Published: 8/26/2016NOXUBEE COUNTY — Lee W. “Turkey” Kincaid, 72, died Aug. 16, 2016, at Baptist Memorial Hospital-Golden Triangle. Services will be at 11 a.m. Saturday at Samuel MB Church in Brooksville with... read more
Published: 8/26/2016ALICEVILLE, Ala. — Edward Colvin died Aug. 19, 2016, at Baptist Memorial Hospital-Golden Triangle. Services will be at 11 a.m. Saturday at Lee-Sykes Funeral Chapel of Columbus with Bobby Colvin Sr.... read more
Published: 8/26/2016COLUMBUS — Yvonne Shelton Johnson died Aug. 23, 2016. Services will be at 2 p.m .Saturday at Hopewell MB Church with Rev. Charles Davidson and Rev. Calvin Peoples officiating. Visitation is... read more
Published: 8/26/2016Breman Stacy Woolbright age 94 died Wednesday, August 24, 2016 at his residence in Columbus. Services will be held Saturday August 27, 2016 at 2:00 PM at Memorial Funeral Home Chapel... read more
Published: 8/26/2016COLUMBUS — Juanita Brown, 91, died Aug. 25, 2016, at Baptist Memorial Hospital-Golden Triangle. Arrangements are incomplete and will be announced by Memorial Funeral Home. read more
Published: 8/26/2016WEST POINT — Vera Mae Quinn, 68, died Aug. 18, 2016, at Dugan Memorial Home. Services will be at 11 a.m. Saturday at Union MB Church in Prairie with the Rev.... read more
Published: 8/26/2016PICKENSVILLE, Ala. — William G. “Bill” Dison died Aug. 26, 2016, at Druid City Hospital. Services are at 11 a.m. today at Pickensville Baptist Church. Burial will follow in meadow branch... read more
Published: 8/26/2016OXFORD — Edith Pierce “Edie” Williams, died June 21, 2016. A private graveside service will be held in Oxford Memorial Cemetery. Edie was born March 5, 2012, to Anna and Patrick... read more
Published: 8/26/2016STARKVILLE —Gene Rice, 59, died Aug. 20, 2016. Services will be at 2 p.m. Saturday at Bethel MB Church with Rochester Young officiating. Burial will follow in the church cemetery. Visitation... read more
Published: 8/26/2016CRAWFORD — Patricia A. Rice, 48, died Aug. 17, 2016, in Ruleville. Services will be at 11 a.m. Saturday at Union Chapel MB Church in Brooksville with James Rice officiating. Burial... read more
Published: 8/26/2016STARKVILLE — Clifton Gibson, 33, died Aug. 18, 2016. Services will be Saturday at 11 a.m. at First Baptist Longview MB Church with Demario Brown officiating. Burial will follow in 16th... read more
Published: 8/25/2016Carolyn Agnes Johnson, 78 of Columbus, MS passed away Saturday, August 20, 2016, at Baptist Memorial Hospital – Golden Triangle, Columbus, MS. Visitation will be Thursday, August 25, 2016, from 5:00... read more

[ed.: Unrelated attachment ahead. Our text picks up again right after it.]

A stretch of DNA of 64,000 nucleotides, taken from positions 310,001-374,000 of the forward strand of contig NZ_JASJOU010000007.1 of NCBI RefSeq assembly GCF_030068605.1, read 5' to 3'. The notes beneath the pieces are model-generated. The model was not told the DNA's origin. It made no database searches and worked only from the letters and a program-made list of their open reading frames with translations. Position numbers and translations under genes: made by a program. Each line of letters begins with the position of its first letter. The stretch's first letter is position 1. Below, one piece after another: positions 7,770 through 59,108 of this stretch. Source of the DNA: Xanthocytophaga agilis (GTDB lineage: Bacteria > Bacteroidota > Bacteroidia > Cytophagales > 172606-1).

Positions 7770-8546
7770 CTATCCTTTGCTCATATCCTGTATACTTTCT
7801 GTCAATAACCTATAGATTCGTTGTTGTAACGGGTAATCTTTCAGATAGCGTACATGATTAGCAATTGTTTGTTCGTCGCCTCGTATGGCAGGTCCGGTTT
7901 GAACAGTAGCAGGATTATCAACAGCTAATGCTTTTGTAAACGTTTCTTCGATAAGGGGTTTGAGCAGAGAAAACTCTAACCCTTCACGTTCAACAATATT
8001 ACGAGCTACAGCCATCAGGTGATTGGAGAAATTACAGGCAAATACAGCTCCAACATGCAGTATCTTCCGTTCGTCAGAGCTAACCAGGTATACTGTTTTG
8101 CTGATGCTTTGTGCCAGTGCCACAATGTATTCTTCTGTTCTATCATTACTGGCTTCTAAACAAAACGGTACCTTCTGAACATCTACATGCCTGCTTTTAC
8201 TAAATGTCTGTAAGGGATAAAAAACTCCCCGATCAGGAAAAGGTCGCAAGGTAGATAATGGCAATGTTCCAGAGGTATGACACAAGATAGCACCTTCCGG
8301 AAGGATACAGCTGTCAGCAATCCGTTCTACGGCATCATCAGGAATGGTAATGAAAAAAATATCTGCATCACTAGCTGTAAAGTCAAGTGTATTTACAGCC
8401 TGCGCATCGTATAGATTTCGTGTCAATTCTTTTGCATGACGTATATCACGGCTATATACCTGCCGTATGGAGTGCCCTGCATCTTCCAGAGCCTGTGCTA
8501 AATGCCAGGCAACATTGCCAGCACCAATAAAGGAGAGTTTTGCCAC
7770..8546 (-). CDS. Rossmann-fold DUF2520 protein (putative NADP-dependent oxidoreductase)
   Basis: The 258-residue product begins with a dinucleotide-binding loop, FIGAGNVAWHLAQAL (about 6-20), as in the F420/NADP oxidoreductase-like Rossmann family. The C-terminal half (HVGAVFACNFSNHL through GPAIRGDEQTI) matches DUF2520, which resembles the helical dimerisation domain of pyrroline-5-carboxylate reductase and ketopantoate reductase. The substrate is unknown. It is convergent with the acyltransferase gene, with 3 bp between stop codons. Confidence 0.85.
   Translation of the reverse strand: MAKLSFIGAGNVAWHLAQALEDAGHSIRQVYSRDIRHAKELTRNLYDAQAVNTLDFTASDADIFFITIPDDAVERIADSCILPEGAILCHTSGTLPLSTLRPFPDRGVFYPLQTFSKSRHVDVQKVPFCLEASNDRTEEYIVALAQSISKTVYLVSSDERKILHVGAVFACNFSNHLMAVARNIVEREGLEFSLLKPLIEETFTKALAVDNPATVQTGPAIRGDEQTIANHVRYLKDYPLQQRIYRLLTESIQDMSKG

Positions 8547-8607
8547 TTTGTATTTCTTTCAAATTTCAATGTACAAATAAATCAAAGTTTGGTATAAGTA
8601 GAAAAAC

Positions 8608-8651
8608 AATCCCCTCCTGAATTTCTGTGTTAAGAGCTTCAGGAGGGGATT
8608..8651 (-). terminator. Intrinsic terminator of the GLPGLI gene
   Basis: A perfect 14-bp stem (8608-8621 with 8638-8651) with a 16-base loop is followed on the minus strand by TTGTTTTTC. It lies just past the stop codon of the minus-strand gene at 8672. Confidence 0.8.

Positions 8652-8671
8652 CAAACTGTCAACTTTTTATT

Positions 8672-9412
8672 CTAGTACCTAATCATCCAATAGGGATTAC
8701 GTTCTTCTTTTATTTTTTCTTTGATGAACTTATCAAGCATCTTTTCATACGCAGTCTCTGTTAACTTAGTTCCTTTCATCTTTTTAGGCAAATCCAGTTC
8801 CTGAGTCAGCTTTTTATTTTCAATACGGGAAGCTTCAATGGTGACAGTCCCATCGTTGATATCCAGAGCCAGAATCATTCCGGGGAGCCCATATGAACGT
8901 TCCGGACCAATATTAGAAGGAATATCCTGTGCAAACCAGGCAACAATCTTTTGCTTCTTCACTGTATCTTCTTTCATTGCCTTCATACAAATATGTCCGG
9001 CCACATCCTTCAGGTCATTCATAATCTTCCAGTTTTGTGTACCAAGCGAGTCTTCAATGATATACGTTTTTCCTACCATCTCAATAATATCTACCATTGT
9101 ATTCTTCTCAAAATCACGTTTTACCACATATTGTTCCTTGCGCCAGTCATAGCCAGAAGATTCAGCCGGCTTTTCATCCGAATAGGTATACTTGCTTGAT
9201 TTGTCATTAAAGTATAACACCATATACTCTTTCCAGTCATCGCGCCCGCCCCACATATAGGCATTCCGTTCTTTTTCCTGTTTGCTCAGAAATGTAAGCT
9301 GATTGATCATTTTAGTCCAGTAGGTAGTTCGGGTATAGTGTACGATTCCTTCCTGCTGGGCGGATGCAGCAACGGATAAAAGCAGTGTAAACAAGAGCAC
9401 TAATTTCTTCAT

Mr. Ellenby founded Grid Systems, where the Compass was produced. It went on to become a tool for big corporations, government spies, White House officials and astronauts.
She joined her husband, Benjamin C. Thompson, in planning festival marketplaces including Faneuil Hall, the South Street Seaport, and Harborplace in Baltimore.
The writer talked about his work and illness on radio, and had his poetry published in The New Yorker and elsewhere.
Ms. Del Deo, a bohemian writer nicknamed the Muse of True History, helped ensure that Provincetown, Mass., would continue to appear much as it did in the days of Thoreau.
In his first aerial battle, Mr. O’Keefe downed five Japanese planes over Okinawa; he later entered Mississippi politics as a staunch opponent of segregation.
Ms. Jungreis, who founded the outreach organization Hineni, staged rallies with theatrical lighting and musical accompaniment at which she urged secular Jews to embrace their faith.
He weathered the recession by investing Travelers’ insurance premiums in stable vehicles, like fixed-income securities.
“I was so strong in my thinking and my way of seeing fashion,” the designer once said. “I knew exactly what I wanted. I said to myself, ‘I have no limits.’”
The many albums he engineered for Blue Note and other labels in the 1950s and ’60s included acknowledged classics like Coltrane’s “A Love Supreme” and Miles Davis’s “Walkin.’”
Mr. Hinckle, the flamboyant editor who made Ramparts magazine a voice for the radical left, championed the work of Hunter S. Thompson.
Based in Paris, she made fashions for women, like herself, who were proud of their pregnancies, sophisticated about sex and too busy to fuss over the latest fads.